Teens and children text, network, twitter, and tweet in ever-growing numbers. Increasingly, they share their activities, feelings, and pictures with numerous “friends” on social networking Web sites. But also increasing are problems arising from digital communications, including cyberbullying, whereby the technology is misused to threaten, harass, humiliate, or embarrass.
Cyberbullying helps parents and professionals who work with young people develop guidelines to educate them about the safe use of the Internet and what to do when they feel uneasy or threatened.
Vanessa Rogers, a teacher and youth work consultant in England, gives real-life examples of cyberbullying and offers activities that professionals and parents can do with groups of young people or individuals to educate them about online behavior. The book is divided into three sections: “Warm-Ups,” “Activities,” and “Reviews.” All use interactive exercises to teach children and teens about the many facets of cyberbullying and what they can do to avoid being a victim or participant in this destructive phenomenon.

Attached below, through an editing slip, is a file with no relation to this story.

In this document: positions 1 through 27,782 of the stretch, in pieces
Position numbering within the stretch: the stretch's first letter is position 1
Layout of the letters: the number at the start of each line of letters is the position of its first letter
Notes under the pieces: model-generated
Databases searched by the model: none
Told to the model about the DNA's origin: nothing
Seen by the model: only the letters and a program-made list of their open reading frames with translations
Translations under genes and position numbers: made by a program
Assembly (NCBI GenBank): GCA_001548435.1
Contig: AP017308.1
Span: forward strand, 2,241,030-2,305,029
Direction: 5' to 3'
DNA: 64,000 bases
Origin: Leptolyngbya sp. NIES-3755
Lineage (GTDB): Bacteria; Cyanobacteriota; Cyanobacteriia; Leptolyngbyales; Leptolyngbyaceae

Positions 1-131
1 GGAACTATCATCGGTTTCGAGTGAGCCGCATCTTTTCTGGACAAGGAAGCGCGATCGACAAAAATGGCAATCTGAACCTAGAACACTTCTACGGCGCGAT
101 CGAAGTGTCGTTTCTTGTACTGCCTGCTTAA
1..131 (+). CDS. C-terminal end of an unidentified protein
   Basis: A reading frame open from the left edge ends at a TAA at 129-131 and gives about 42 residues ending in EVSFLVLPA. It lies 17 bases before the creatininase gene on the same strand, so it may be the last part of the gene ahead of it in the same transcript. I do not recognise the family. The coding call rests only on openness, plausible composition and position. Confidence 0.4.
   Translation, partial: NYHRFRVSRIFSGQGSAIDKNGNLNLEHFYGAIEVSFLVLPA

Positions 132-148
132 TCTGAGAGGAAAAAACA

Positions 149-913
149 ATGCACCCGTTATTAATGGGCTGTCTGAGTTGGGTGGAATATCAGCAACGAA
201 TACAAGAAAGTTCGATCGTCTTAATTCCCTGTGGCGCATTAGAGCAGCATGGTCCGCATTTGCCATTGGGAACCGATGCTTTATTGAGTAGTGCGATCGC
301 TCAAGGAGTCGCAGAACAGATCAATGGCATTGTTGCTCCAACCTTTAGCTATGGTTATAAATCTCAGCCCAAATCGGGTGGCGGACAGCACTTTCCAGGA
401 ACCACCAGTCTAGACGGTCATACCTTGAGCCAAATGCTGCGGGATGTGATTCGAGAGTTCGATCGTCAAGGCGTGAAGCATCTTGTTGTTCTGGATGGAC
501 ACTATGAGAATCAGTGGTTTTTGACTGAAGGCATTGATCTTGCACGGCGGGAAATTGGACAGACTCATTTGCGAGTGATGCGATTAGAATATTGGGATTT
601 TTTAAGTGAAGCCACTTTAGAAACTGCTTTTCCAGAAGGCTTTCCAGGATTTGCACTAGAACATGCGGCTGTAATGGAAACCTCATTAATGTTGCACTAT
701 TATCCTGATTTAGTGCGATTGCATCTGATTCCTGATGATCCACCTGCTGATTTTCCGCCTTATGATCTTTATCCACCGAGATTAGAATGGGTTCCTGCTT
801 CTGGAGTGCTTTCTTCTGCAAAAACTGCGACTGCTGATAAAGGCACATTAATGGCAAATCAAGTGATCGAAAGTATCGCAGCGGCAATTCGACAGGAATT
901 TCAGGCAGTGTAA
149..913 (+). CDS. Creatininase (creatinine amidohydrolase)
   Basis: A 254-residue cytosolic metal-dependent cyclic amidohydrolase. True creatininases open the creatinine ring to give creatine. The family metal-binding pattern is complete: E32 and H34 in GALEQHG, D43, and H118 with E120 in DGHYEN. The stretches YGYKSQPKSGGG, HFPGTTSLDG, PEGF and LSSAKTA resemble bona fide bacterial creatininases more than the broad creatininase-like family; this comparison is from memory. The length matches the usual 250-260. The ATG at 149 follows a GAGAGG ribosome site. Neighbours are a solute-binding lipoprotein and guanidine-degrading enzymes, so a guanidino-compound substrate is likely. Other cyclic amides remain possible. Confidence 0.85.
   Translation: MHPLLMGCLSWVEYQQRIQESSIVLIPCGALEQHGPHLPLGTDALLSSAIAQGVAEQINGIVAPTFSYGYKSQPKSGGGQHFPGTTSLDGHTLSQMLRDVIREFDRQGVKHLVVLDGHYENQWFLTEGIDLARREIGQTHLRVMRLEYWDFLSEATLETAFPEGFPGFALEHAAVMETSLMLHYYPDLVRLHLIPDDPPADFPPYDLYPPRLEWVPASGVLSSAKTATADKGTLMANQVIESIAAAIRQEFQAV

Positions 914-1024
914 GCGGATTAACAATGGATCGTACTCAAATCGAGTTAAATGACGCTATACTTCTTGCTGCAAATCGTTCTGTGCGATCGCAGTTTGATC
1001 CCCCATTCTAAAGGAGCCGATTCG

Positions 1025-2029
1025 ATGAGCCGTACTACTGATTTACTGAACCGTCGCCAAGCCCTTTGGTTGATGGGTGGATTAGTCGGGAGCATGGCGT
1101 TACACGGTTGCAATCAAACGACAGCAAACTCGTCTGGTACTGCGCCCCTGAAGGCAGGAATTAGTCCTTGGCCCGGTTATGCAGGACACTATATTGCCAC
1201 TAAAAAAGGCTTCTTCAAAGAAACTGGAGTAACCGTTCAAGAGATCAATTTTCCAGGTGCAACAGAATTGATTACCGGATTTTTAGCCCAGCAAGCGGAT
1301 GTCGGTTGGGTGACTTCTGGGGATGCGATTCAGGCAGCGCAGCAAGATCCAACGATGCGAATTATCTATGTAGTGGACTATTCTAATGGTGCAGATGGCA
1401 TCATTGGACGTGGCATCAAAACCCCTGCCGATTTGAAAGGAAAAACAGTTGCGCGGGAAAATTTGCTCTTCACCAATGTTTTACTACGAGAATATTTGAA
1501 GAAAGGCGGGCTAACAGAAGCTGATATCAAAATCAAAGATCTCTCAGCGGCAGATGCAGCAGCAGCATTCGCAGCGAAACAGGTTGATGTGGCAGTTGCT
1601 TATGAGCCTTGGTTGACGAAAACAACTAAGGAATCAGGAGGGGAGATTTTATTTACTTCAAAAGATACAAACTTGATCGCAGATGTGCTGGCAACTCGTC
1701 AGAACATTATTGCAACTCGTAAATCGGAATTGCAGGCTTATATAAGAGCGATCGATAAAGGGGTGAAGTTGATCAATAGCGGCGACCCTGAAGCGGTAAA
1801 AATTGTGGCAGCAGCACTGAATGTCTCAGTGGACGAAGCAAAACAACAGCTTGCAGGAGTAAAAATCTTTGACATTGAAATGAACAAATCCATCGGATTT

While some cyberbullying is intentional—an unflattering picture posted on Facebook, a hurtful rumor passed along in a chat room, an unkind comment about a classmate on a social networking site—other unintentional but thoughtless remarks or jokes can quickly turn into a rapidly circulated source of pain for someone. This book gives many examples that teach young people about their responsibility when using the Internet and provides tools to help young people avoid being the bully or the bullied.
“Young people can utilize a vast range of digital communication tools to share experiences and keep in touch in a way that way that previous generations could only imagine,” Rogers writes. “However, there is a darker side to this shiny new digital world which cannot be ignored.”
Rogers is the author of several other resource books for adults who work with young people, including Work with Young Women and Work with Young Men, also from Jessica Kingsley Publishers. Cyberbullying helps to head off dangerous encounters online and is suitable for parents of children and teens and adults working with young people in youth clubs or school. A good reference book for a public, school, or home library, it is written in easy-to-understand language, with helpful examples of situations that can arise and positive, safe ways to deal with them.
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